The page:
Thursday, prices of oil plummeted as the U.S. dollar continues to extend its recovery from last week. The United States West Texas Intermediate crude futures settled at $61.12 per barrel, which was down by 0.9% or 56 cents from their previous settlement, while the international benchmark: Brent crude futures, settled at $64.92 per barrel, which was 0.8% or 50 cents lower from their last close.
As oil trading is conducted basically with the use of the U.S. currency, a rise in the dollar makes fuel imports for countries using different currency expensive, restraining demand, leading to oil prices experiencing a decline.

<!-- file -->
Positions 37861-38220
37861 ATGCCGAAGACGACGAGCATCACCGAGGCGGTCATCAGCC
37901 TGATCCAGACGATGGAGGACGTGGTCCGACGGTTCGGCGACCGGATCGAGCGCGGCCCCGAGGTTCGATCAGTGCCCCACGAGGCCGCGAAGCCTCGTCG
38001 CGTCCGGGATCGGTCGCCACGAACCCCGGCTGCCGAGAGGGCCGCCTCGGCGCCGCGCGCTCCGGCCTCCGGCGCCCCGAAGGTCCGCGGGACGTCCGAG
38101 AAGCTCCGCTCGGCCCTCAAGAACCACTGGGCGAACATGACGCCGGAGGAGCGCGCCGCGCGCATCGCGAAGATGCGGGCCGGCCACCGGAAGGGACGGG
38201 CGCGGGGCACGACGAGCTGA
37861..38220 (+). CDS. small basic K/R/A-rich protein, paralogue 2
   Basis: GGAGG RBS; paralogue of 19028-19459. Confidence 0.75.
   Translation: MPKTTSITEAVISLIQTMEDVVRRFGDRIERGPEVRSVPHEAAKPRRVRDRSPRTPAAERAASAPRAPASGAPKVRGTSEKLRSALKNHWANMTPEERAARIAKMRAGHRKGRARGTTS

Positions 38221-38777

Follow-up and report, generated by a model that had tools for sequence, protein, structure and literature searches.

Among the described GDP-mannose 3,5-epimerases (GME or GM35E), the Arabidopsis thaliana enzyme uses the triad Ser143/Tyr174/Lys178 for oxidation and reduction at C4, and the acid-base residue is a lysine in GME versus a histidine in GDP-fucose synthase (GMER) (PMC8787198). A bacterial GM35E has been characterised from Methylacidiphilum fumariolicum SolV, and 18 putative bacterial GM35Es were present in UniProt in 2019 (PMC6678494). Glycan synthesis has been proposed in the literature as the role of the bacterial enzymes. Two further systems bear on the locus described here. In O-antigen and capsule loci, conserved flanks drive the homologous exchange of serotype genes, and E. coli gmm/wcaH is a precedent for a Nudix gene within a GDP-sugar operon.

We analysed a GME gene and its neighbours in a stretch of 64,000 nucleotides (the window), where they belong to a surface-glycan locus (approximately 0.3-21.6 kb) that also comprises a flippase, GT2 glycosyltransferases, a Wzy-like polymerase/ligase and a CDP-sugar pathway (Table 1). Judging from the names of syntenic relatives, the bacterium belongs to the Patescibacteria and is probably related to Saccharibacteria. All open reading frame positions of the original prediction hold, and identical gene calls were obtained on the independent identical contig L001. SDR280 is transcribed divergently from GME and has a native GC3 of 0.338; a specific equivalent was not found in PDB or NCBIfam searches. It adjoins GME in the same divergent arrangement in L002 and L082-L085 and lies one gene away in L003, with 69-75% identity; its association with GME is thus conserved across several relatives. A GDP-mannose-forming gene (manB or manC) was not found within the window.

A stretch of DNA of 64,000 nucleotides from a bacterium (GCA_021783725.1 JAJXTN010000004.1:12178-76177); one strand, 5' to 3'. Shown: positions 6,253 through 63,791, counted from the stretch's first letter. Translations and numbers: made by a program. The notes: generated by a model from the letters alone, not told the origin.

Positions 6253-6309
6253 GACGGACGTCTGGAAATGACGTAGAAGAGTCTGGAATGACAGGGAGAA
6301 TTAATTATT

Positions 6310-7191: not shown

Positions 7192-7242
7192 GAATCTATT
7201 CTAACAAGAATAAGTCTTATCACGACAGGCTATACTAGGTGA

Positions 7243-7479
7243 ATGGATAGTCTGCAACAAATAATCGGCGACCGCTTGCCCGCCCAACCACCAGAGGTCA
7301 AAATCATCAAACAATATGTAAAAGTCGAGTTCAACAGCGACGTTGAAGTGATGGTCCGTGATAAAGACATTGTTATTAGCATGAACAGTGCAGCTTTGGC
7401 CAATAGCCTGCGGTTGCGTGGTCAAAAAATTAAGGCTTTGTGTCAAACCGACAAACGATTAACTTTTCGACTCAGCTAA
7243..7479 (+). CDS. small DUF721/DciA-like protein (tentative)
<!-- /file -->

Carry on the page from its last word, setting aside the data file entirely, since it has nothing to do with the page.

In addition, Stephen Innes, head of trading for Asia-Pacific at OANDA mentioned that the recovering dollar is preventing investor sentiment despite the assertive crude inventory data.
In addition, the recovering greenback also cancelled out a report from API which indicated a fall in U.S. crude inventories. According to a report showed by the API or the American Petroleum Institute on Wednesday, U.S. crude oil inventories indicated a sudden fall of 907,000 barrels to 420.3 million for the week to February 16, 2018.